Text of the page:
The former billionaire businessman Sean Quinn is to be discharged from bankruptcy on Friday.
Dublin's High Court heard he will pay 10,000 euros (£7,800) a year for the next two years to the court official overseeing his bankruptcy, from any income he receives in the future.
He was once the richest man in Ireland and the 12th richest in the UK before his business empire collapsed in 2010.
Mr Quinn was declared bankrupt in January 2012.
In December, it was revealed that Mr Quinn was returning to manufacturing after one of his former businesses was bought by a group of his supporters.
The new firm is to be renamed Quinn Industrial Holdings Ltd and will be led by former Quinn Group employees who once held senior roles under Mr Quinn.
Mr Quinn's level of remuneration has not yet been decided.
Mr Quinn was a self-made man who started a multi-billion pound business empire by selling gravel quarried from his family's farm in Derrylin.
The Quinn Group gradually expanded, manufacturing and supplying other building products, glass and plastics, and eventually moved into insurance, hotels and property development.
Mr Quinn also invested in Anglo Irish Bank, one of the leading lights of the Celtic Tiger economy, and built up a 25% stake in the bank.
The investment went disastrously wrong in 2008, and the bank, which was facing collapse, was bailed out by taxpayers.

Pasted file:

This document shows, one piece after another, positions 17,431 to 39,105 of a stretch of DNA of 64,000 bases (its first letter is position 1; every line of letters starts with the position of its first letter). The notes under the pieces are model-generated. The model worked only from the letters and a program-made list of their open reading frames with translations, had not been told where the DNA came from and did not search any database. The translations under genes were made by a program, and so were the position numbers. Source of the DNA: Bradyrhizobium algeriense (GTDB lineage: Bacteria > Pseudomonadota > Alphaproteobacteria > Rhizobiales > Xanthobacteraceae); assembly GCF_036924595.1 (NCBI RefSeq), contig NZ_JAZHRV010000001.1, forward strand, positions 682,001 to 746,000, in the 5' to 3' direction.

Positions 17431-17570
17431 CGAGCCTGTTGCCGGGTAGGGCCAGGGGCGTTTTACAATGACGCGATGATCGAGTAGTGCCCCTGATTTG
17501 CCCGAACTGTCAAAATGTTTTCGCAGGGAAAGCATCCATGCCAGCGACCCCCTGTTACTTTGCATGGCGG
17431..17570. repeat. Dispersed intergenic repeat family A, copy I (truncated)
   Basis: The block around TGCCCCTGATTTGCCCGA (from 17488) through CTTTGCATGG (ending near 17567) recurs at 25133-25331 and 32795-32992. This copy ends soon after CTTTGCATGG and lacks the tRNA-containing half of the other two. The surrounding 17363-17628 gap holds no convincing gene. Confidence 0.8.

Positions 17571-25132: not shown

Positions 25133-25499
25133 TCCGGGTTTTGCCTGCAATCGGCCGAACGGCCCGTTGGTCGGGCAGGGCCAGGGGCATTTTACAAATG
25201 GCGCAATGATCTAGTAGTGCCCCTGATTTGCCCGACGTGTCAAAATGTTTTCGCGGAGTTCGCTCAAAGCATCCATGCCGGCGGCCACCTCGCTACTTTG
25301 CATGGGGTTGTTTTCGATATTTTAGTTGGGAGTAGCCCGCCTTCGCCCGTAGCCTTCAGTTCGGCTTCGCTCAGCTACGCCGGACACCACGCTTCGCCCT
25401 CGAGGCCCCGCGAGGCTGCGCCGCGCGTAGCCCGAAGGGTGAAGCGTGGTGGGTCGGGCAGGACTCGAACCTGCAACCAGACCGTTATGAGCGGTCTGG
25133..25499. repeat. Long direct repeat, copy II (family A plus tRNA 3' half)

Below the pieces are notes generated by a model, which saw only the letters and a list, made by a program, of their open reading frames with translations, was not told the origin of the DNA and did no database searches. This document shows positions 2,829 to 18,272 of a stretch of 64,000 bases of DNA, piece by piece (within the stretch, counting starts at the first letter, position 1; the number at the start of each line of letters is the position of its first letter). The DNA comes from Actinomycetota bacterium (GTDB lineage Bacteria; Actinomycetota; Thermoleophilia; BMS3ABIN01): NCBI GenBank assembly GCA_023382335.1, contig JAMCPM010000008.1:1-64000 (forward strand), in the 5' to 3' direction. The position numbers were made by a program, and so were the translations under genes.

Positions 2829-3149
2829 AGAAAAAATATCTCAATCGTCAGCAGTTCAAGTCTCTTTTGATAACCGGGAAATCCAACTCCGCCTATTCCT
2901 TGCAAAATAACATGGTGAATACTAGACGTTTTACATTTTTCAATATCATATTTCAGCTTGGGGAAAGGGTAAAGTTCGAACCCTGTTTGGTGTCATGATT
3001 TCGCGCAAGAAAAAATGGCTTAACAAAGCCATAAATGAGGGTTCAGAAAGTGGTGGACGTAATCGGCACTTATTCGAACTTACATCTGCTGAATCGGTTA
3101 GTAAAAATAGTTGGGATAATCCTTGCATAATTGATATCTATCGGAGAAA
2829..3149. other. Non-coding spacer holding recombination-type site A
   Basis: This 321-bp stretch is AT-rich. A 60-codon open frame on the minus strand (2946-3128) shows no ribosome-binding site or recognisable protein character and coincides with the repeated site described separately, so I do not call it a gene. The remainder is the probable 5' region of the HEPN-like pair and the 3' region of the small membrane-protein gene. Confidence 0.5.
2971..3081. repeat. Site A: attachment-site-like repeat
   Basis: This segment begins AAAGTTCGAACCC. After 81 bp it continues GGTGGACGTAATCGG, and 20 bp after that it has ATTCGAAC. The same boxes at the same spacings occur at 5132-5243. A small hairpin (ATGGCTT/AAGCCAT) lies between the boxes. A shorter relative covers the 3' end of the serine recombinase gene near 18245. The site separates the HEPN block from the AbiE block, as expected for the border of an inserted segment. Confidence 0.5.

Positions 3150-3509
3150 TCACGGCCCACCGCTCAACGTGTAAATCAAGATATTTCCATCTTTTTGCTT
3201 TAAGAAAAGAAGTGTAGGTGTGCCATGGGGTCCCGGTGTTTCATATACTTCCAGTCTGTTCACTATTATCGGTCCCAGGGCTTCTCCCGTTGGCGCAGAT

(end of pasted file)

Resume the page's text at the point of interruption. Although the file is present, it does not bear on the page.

Anglo Irish bank was nationalised in 2009 and its affairs were taken over by the Irish Banking Resolution Corporation (IBRC).
For the last few years, the Quinn family has been involved in a high-profile legal battle with IBRC.
It claimed the Quinn family owes the former bank more than two billion euros (£1.56bn) and tried to recover the money from their assets.
Lawyers for the IBRC alleged that members of the Quinn family tried to strip assets from their firms, putting property worth millions of pounds beyond the reach of the former bank, in defiance of a court order.
In 2012, the High Court in Dublin ruled that Sean Quinn, his son Sean Quinn Jr and his nephew, Peter Darragh Quinn, were in contempt of that court order.
Sean Quinn and his son were both jailed for contempt and served short sentences in Dublin's Mountjoy prison.
Peter Darragh Quinn did not attend court for the sentencing and a warrant for his arrest was issued.
He left the jurisdiction and returned to Northern Ireland, where the arrest warrant could not be enforced.